Classical chess players: Mikhail Tal, Bobby Fischer, Boris Spassky, J.R Capablanca and Alexander Alekhine.

Mikhail Tal, Bobby Fischer, Boris Spassky, Jose Raul Capablanca and Alexander Alekhine

Classical chess players

Some funny anecdotes about Mikhail Tal, Bobby Fischer, Boris Spassky, Jose Raul Capablanca and Alexander Alekhine.

Mikhail Tal

Mikhail Tal: 11 points without playing a single game!

During the Havanna Chess Olympiad (1966), which was attentively organized by the Cuban government, the chess teams were treated very warmly. On one occasion, when Korchnoi and Mikhail Tal went to watch the spectacle of the famous cabaret Tropicana.

Mikhail Tal noticed a beautiful woman at the next table.

Being as he was, very sensitive to feminine beauty, he didn’t hesitate to pay her a compliment. Suddenly, the partner of beauty returned. He didn’t like the praises by Mikhail Tal at all and broke a bottle on Mikhail Tal’s head. Resulting in an emergency visit of the GM into a hospital.

The title was used by Eduardo Pérez in the former magazine called ‘Destino’ to describe the incident. As Petrosian said to his colleagues, “Only a healthy guy like Mikhail Tal could survive such a bottle on the head.”

Mikhail Tal and his assault ratio…

The inborn propensity of our idol Mikhail Tal to sacrifice pieces was a consequence of his aggressive chess playing. Besides his practice, Tal has contributed to a concept on the theory of attack. Although not entirely new, he was the main popularizer to the theory: the assault ratio. It refers to the relationship between attacking and defending pieces.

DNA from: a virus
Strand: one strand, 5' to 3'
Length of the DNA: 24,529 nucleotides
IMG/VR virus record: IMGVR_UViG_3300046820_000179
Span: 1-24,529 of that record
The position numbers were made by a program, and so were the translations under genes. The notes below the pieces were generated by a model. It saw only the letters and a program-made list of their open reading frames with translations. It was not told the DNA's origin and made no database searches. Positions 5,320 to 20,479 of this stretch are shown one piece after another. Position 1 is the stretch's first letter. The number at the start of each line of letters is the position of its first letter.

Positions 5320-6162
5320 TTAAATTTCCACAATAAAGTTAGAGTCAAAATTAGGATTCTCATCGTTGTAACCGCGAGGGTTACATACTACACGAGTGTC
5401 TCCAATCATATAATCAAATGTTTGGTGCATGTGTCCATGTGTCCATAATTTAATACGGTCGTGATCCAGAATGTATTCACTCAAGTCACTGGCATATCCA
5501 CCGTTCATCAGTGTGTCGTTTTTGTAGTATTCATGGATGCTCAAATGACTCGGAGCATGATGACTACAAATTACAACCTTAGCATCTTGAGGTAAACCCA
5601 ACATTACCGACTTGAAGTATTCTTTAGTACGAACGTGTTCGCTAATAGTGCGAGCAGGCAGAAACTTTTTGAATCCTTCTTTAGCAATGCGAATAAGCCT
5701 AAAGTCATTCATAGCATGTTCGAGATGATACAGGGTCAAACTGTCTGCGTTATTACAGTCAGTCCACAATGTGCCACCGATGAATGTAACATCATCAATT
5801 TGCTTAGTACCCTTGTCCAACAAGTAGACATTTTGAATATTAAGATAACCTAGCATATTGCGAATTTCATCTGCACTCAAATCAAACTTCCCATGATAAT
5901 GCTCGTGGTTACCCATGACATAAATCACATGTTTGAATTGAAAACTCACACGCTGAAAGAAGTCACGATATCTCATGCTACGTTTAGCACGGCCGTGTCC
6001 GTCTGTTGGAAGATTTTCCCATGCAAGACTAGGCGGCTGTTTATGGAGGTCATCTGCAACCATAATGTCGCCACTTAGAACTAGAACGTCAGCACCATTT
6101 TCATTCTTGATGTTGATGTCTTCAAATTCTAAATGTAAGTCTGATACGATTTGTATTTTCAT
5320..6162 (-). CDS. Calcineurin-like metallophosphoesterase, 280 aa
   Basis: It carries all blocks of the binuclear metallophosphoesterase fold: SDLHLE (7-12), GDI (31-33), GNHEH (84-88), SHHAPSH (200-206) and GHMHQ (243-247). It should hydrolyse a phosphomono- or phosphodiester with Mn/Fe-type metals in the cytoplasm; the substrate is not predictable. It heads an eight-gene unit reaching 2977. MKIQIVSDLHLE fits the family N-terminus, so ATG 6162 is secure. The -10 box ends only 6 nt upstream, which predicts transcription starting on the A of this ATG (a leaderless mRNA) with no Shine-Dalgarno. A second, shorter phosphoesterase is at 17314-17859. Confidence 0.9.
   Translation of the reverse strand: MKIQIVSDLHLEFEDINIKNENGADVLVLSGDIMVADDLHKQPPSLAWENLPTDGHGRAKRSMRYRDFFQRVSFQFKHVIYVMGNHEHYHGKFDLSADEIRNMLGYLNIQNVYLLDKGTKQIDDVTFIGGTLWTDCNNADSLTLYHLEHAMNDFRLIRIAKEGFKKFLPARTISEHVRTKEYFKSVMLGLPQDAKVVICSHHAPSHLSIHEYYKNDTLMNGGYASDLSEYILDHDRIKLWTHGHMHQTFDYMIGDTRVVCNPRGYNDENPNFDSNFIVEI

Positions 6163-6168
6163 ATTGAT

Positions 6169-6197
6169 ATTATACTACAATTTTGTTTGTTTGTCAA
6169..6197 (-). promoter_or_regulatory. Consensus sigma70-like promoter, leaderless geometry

When his colleagues, including his trainer, put their hands to the heads due to the number of sacrificed pieces in a given position, Tal said calmly:

“Bah, they can only take them one by one.”

Mikhail Tal, the genius.

Bobby Fischer (with Mikhail Tal)

Bobby Fischer reads the future to Mikhail Tal…

In the big Bled tournament of 1961 gathered the best players of the time: Mikhail Tal, Petrosian, Keres, Geller, Bobby Fischer, Gligoric…

In the opening ceremony, Bobby Fischer wanted to act as a fortune-teller and asked Mikhail Tal for permission to read his hand, which was granted.

“I see in your hand, Misha, that you are a good player, but very soon will be champion a young American master…”

This came like a lightning to William Lombardy:
“Congratulations!” Mikhail Tal won the tournament, but Bobby Fischer scored 3 points of 4 against the Soviet players.

The non-negotiable rate in the simultaneous exhibition…

A colleague asked the then young Bobby Fischer (15 years old), what was his rate for the simultaneous exhibition.

“500 dollars”, said Fischer, which was a considerable number at the time.

Greatly missed, his listener, said: “500 dollars! And have you made many?” “None so far”, clarified the young prodigy.

Boris Spassky

Chess bishops of different colors…

Boris Spassky divorced his wife, Young. The always insidious journalists investigated the possible reasons for the separation. And Boris Spassky gave them an explanation which perfectly summarizes the feelings of both, and it could not be more related to chess: “We were like chess bishops of different colors!”

Through the looking glass…

In 1971, the USSR Championship by teams took place in Rostov-on-Don. During the competition, one of the grandmasters participating in the championship had to assist to the party in which, according to the strict Russian traditions, the one who arrives late has to drink a cup of vodka instantly, as a penalty. The grandmaster, aware of his obligations on the board the next day, wanted to leave early. But the remorse of leaving the reunion and the evident lack of respect for his hosts, made him take justice into his own hands and anticipated the potential penalty with toasts and toasts of self-indictment.